The Two Archbishops
Provinces of Canterbury and York
The C of E is divided into two very large regions called a Province, each led by an Archbishop.
The two Provinces are based around Canterbury in the south and York in the north, led by the Most Rev'd and Right Honourable Justin Welby and the Most Rev'd Christopher Cottrell respectively. (‘Right Honourable’ means the person is a member of the 'Privy Council', the principal group of advisors to the UK Head of State, the Queen). (Return to Top)

The Archbishop of Canterbury is automatically the top bishop or 'Primate' in the Church of England. The Right Rev'd Justin Welby currently holds that post. He was installed in March 2013. Before that the head of the C of E was The Right Rev'd Rowan Williams who reached the age to retire, unlike the head of the Roman Catholic Church
(known as 'The Pope') who usually stays in office until he dies. The Right Reverend Christopher Cottrell was appointed to York in 2020 to replace the previous holder, the Rt Rev John Sentamu who, having g reached the required age, retired. (Return to Top)

(Note: There is only one Archbishops' Council, which serves both Archbishops)

Archbishop's Council General Synod*
Picture, Bishop Rachel
Bishop of Gloucester

Picture, Bishop Robert
Bishop of Tewksbury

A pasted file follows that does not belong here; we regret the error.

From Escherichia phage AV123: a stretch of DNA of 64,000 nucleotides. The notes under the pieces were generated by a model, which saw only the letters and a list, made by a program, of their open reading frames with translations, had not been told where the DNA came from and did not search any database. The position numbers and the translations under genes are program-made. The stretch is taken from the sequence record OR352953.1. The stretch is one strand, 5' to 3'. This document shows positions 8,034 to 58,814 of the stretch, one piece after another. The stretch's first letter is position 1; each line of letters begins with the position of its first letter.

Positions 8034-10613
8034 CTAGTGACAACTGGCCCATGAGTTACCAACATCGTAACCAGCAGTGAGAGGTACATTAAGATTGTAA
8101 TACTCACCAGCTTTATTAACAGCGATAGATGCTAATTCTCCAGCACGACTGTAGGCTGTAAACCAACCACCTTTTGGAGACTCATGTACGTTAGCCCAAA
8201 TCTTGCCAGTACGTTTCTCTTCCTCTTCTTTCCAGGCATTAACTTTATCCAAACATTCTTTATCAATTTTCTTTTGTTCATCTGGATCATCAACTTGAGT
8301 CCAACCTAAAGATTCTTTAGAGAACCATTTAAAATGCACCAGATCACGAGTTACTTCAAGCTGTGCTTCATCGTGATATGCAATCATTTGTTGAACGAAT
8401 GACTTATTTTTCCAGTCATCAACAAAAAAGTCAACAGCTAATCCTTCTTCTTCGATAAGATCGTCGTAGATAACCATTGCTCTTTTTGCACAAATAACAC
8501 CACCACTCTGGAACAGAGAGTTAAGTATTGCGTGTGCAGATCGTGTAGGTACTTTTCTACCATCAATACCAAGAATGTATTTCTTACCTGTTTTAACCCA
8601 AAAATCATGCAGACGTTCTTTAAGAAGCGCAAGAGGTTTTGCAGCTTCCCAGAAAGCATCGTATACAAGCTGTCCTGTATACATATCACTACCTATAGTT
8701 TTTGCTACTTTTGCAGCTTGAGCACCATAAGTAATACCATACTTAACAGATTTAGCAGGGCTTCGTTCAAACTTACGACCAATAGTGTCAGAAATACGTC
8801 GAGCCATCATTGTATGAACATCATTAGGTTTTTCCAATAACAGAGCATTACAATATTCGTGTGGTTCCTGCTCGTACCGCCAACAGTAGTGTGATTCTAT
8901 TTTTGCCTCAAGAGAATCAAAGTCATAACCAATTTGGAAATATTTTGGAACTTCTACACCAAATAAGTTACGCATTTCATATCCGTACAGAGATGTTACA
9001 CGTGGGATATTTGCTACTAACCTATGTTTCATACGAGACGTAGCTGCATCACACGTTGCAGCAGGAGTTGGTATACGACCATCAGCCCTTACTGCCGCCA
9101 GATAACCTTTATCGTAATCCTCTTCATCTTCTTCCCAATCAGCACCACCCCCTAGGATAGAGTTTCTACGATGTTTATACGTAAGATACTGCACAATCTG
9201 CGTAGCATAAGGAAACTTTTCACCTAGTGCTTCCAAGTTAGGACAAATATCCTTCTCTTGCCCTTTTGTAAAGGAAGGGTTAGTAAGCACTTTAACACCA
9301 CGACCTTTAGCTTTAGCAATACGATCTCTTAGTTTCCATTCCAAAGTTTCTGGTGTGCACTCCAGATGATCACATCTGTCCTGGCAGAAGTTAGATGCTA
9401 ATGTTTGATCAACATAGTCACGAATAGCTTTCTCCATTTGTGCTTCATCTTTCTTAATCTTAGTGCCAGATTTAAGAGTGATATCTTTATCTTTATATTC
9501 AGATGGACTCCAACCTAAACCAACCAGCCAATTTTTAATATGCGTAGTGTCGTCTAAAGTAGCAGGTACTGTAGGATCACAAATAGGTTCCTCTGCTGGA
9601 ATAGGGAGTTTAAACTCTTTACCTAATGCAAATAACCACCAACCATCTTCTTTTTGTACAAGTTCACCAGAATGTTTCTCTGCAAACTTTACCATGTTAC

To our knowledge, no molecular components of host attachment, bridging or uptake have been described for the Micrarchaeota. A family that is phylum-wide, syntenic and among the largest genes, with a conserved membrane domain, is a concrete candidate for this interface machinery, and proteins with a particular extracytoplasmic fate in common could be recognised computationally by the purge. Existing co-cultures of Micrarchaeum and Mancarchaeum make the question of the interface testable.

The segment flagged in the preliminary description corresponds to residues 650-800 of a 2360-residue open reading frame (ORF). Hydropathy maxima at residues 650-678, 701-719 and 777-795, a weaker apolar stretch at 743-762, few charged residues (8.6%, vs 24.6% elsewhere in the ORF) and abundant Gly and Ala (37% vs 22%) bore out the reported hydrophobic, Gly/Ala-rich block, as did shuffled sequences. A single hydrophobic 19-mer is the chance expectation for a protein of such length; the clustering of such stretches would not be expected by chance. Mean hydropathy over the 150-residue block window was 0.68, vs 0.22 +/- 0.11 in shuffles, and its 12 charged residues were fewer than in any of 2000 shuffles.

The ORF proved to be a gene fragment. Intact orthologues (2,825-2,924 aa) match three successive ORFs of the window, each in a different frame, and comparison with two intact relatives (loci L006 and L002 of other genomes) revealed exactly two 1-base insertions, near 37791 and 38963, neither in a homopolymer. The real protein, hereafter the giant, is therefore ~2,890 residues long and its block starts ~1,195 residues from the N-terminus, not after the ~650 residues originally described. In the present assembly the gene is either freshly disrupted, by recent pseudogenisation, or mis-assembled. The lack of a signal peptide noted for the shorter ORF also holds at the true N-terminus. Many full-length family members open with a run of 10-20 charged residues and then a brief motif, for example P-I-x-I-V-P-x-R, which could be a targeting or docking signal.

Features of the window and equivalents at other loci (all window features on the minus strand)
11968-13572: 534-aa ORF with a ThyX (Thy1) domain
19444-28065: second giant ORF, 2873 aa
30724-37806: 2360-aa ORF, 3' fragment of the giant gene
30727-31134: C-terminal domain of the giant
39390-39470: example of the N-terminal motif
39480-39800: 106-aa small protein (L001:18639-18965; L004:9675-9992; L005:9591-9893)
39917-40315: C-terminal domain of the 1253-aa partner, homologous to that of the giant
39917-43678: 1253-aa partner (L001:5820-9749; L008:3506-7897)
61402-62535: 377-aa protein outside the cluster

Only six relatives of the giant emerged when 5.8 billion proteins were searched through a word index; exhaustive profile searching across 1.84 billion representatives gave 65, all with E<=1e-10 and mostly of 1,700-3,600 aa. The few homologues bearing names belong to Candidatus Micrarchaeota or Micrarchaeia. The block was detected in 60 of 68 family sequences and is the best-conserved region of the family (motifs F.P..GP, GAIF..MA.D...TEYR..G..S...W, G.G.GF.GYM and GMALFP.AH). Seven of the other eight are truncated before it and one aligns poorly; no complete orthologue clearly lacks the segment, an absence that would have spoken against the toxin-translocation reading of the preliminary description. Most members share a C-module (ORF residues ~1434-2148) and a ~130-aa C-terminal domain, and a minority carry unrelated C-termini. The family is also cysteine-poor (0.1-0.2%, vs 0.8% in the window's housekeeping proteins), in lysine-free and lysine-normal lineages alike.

The Diocese
is the main body for day to day management. Each diocese is led by a ‘Diocesan Bishop’ who may be assisted by one or more 'Suffragan Bishops'.
Each diocese is led by a ‘Diocesan Bishop’, who may be assisted by one or more assistants called a ‘Suffragan Bishop’ (Suffragan is Latin for 'Assistant'). Suffragans are usually named after an area in their Diocese. The (Diocesan) Bishop of Gloucester is currently the Right Rev'd Rachel Treweek, assisted by the (Suffragan) Bishop of Tewkesbury, the Right Rev'd Robert Springett. There are 43 UK dioceses, plus the 'Diocese of Europe’ = 44 in total. (Return to Top)

Bishops' Council Diocesan Synod*
Picture, Archdeacon HilaryArchdeacon
of Gloucester

Picture, Archdeacon Phil Archdeacon
of Cheltenham
Dioceses may have one or more management and support areas under the leadership of an ‘Archdeacon’.
Gloucester Diocese has two archdeaconries, headed by the Archdeacon of Gloucester (The Venerable Hilary Dawson) and the Archdeacon of Cheltenham (The Venerable Phil Andrew). Deaneries are allocated to one or other archdeaconry according to their geographic location. (Return to Top)

The Archdeacon has powers delegated by the Diocesan Bishop to provide oversight of the parishes, to ensure the parishes are adhering to the various church regulations and that they are properly maintaining their buildings, worship and care of the people in their area. The Archdeacon also acts as ‘personnel manager’ for the priests in their Archdeaconry. (Return to Top)